Many famous artisans were produced from the Edo Period through to the Meiji and Taisho Periods, and lacquering technology also advanced throughout this period. Many advanced lacquering techniques blossomed, such as shanome-nuri, and were established as techniques unique to Kanazawa lacqueware. There are few products still existing from the time from the end of the Edo Period through until the Meiji Restoration, due to a decline in handicrafts reputedly caused by economic failure of the Domain. However, the art of Kanazawa lacqueware, which has been handed down over 250 years, was seen in a new light thanks to the economic revitalization that took place after the Second World War.
General Production Process
- 1. Wood base production
The first process with an article to be lacquered is the process known as undercoating. The finishing of the article will be significantly affected by the degree of care taken in this process. Before applying the undercoating to the wood, checks are first carried out to confirm that there are no cracks or dents. If cracks or dents are found, the surfaces of the vessel are prepared using the techniques such as those of sashimono (cabinetwork), hikimono (turned items), magemono (circular boxes) and kurimono (hollowed-out items).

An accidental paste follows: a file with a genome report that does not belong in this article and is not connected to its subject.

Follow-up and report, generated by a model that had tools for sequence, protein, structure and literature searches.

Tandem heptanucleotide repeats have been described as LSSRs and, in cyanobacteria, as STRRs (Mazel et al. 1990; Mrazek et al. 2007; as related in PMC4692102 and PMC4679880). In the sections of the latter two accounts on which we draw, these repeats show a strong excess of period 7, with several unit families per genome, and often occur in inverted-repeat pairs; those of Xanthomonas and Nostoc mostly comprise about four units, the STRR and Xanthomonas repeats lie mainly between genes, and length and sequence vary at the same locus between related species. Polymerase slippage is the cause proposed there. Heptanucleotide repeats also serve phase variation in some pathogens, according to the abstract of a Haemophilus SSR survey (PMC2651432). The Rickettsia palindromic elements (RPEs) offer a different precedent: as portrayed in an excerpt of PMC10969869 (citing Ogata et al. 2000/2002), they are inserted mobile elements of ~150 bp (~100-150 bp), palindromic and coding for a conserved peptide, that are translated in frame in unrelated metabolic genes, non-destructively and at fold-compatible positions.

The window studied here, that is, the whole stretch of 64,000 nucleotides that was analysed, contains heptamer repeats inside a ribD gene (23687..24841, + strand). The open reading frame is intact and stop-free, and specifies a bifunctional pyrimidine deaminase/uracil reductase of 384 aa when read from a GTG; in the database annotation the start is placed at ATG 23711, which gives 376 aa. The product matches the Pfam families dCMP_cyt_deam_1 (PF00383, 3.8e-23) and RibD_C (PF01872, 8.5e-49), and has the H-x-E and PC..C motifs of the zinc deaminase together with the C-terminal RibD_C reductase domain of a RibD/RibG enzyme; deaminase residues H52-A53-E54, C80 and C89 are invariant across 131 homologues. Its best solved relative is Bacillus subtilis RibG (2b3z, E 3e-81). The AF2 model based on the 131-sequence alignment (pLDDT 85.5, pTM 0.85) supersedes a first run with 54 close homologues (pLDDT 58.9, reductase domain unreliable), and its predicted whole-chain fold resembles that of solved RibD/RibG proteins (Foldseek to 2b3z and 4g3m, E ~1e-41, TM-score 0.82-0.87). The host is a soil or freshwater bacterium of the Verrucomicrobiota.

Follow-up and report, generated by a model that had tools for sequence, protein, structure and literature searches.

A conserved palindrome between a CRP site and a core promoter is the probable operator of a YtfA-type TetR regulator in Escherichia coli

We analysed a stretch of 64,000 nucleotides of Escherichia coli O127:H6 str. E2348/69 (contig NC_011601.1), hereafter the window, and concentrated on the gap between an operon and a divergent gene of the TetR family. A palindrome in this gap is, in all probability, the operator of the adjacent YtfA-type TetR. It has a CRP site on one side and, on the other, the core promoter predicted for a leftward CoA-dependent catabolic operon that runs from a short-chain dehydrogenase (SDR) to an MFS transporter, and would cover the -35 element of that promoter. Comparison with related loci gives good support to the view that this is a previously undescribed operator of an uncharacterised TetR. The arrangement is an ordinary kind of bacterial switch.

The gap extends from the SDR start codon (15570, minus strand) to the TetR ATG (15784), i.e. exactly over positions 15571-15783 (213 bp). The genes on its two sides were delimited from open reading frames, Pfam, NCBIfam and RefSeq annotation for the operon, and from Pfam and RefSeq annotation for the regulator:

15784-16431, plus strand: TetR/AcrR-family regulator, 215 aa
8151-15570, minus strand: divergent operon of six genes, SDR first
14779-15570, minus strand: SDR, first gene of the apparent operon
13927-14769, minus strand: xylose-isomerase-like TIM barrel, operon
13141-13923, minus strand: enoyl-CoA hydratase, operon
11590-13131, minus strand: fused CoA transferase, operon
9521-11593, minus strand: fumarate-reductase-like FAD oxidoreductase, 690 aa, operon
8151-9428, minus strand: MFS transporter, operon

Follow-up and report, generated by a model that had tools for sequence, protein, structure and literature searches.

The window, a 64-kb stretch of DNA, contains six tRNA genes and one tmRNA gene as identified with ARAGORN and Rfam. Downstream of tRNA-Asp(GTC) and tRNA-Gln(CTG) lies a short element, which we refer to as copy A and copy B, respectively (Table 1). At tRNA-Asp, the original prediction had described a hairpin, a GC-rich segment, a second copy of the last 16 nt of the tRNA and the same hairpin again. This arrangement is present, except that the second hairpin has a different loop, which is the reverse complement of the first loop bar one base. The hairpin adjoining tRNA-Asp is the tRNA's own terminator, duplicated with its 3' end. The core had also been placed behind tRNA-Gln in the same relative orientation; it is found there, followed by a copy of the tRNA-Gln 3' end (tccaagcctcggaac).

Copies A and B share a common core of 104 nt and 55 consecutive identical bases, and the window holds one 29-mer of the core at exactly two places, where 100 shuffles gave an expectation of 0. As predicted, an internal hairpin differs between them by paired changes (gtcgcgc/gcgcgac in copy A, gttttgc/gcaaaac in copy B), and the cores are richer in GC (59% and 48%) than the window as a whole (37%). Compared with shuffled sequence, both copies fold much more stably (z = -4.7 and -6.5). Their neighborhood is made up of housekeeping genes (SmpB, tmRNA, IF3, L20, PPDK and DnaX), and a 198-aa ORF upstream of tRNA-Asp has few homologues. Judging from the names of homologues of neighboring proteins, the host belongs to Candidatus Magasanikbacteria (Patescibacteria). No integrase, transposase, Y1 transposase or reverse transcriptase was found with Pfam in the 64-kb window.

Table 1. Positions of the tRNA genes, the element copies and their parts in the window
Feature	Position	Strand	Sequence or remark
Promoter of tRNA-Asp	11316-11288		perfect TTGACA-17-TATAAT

- 2. Wood base hardening/kokuso
In order to smoothen the rough parts of the wood, “wood hardening” is carried out, whereby the wood is soaked in purified wood lacquer. Wood hardening produces a foundation for the first coating. Next, a mixture of textile scraps and wood powder is blended with a lacquer known as kokuso, and this is embedded into the board joints.
- 3. Sumihanda
Pewter, formed by mixing polishing powder and glue, is applied to lacquer-coated parts using a spatula. Excessive application can cause cracks to occur or lead to the burying of engraved parts. On the other hand, if it is applied too thinly, the wood grain may become visible, so skill is required in its application.
- 4. Cloth covering
Once the wood base has been coated with pewter, cloth or Japanese paper is applied on top.
- 5. Base application and polishing
All surfaces of the vessel are polished using grindstone, and lacquer base is applied. Thereafter, the process of drying and lacquering is repeated 2 to 3 times.
- 6. Rusting/polishing
Lacquer is spread evenly to prevent rust, and water polishing is carried out. This work is repeated 2 to 3 times.
- 7. Intermediate coating